Tuesday, December 13, 2016

Apple Mac pro – Specification – Disassembling procedure

Quad-Core Intel Xeon E5 with 10 MB L3 cache and Turbo Boost up to 3.9 GHz
12 GB (three 4 GB modules) of 1866 MHz DDR3 ECC memory
Dual AMD FirePro D300 graphics processors with 2 GB of GDDR5 VRAM each
256 GB PCIe-based flash storage
802.11ac Wi-Fi wireless networking and Bluetooth 4.0 wireless technology
The back side contains the power button and electrical inlet, as well as a tidy array of ports:
3.5 mm speaker and headphone jacks
Four USB 3.0 ports
Six Thunderbolt 2 ports
Dual Gigabit Ethernet ports
HDMI 1.4 out
With the cylindrical cover removed,get our first peek inside the Mac Pro.
The dual graphics cards dominate the initial view. Their symmetry is broken only by the SSD cage nestled up alongside the second graphics card.
Giving the Mac Pro a little spin, find neatly positioned vertical RAM slots at either side of the I/O panel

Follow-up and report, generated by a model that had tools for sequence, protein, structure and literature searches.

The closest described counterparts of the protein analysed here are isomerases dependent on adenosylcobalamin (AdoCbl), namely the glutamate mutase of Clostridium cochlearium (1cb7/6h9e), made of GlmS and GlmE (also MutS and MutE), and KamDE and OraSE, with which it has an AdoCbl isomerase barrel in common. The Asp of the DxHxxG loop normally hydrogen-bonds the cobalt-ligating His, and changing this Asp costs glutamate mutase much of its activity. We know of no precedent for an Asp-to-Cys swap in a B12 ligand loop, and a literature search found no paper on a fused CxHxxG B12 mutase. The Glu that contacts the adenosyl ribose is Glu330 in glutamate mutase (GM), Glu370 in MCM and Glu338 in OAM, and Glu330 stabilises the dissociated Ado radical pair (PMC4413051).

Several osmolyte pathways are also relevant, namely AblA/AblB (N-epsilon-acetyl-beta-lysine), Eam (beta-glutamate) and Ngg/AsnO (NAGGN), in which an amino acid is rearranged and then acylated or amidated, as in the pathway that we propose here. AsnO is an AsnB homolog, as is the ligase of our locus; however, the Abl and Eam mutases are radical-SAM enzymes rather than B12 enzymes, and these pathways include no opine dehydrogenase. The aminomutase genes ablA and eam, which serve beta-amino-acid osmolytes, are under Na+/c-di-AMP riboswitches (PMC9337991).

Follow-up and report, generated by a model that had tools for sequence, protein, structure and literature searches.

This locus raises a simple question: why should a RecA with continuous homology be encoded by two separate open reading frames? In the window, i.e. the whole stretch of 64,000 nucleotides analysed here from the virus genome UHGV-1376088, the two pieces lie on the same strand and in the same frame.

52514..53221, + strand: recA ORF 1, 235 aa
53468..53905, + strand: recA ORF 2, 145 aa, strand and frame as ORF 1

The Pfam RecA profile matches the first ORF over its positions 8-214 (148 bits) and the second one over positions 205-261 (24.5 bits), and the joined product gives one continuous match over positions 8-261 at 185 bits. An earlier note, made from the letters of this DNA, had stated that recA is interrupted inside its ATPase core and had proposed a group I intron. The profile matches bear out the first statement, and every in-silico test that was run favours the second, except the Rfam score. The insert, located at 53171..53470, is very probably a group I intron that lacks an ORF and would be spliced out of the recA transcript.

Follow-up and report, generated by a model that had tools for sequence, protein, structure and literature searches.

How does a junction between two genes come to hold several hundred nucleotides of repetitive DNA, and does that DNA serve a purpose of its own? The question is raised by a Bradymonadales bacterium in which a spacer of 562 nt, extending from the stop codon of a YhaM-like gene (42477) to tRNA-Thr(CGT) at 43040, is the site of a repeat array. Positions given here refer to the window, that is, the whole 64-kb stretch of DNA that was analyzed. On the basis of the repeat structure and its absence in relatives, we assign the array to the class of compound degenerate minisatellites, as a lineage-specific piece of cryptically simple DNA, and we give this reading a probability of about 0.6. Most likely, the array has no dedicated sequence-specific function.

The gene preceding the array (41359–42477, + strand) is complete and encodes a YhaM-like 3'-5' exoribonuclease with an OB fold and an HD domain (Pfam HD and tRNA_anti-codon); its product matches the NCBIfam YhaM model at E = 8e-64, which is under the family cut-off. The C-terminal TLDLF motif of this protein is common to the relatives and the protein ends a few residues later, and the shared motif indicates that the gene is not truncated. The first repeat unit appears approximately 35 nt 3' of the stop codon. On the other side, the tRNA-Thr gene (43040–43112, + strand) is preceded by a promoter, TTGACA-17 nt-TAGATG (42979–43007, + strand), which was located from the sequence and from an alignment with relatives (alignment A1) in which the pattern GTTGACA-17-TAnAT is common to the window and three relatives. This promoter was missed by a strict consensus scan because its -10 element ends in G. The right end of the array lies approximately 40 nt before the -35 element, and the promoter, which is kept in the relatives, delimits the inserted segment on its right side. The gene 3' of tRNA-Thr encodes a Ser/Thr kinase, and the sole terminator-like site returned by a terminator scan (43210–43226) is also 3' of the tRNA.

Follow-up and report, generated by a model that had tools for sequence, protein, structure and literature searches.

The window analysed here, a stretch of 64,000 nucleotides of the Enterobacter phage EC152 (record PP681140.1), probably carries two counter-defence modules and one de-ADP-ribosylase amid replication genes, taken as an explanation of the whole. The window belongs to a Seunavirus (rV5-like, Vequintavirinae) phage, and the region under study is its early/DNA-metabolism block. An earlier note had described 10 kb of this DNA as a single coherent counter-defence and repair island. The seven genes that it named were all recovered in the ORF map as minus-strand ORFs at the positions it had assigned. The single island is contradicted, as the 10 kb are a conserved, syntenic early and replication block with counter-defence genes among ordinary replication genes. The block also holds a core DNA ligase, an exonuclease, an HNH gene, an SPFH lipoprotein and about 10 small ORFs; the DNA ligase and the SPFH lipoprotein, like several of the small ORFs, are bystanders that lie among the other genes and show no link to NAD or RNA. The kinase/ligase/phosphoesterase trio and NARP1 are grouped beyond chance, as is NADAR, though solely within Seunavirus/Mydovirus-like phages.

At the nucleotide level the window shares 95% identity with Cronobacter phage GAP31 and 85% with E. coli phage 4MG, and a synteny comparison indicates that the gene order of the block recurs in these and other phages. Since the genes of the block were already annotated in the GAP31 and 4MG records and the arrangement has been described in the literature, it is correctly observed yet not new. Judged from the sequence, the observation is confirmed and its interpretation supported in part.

The RAM in the Mac Pro Late 2013 is easily accessible and replaceable.
The 4 GB DDR3L SDRAM (three for a total of 12 GB) modules are labeled as Elpida EBJ04EG8BFWB-JS-F.
According to Apple, the RAM in the Mac Pro is configurable to 16 GB (four 4 GB), 32 GB (four 8 GB) or 64 GB (four 16 GB)
With a twist of a T8 screwdriver, the SSD assembly is easily removed from the device.
For those playing along at home, have only removed one screw, and the SSD is out.
On board find some rather familiar friends:
Samsung S4LN053X01-8030 (ARM) Flash Controller
Samsung K9HFGY8S5C-XCK0 Flash Storage
Samsung K4P4G324EB 512 MB RAM
Regulatory markings have been relegated to the bottom cover/air inlet, find a few more informative tidbits:
The Mac Pro Late 2013 is identified as model A1481 with an EMC Number of 2630 and it's rated for 100-240 volts AC, making it a willing international travel partner.
There can only be one fan. The Mac Pro is vented by a single fan, which pulls air from under the case, through the core, and out the top of the case
Popped the plastic roof off the fan module and found a whole new stash of precision engineering.
Snug in a nest of antennas, the AirPort card fits onto a small adapter board that also connects to the fan below.
Those three large screws secure the fan, with vibration-dampening rubber bumpers, like in iMacs.
The AirPort card and find what looks to be the same configuration found in most Apple products today:
Broadcom BCM4360 5G Wi-Fi 3-stream 802.11ac gigabit transceiver
Broadcom BCM20702 single-chip Bluetooth 4.0 HCI solution with Bluetooth Low Energy (BLE) support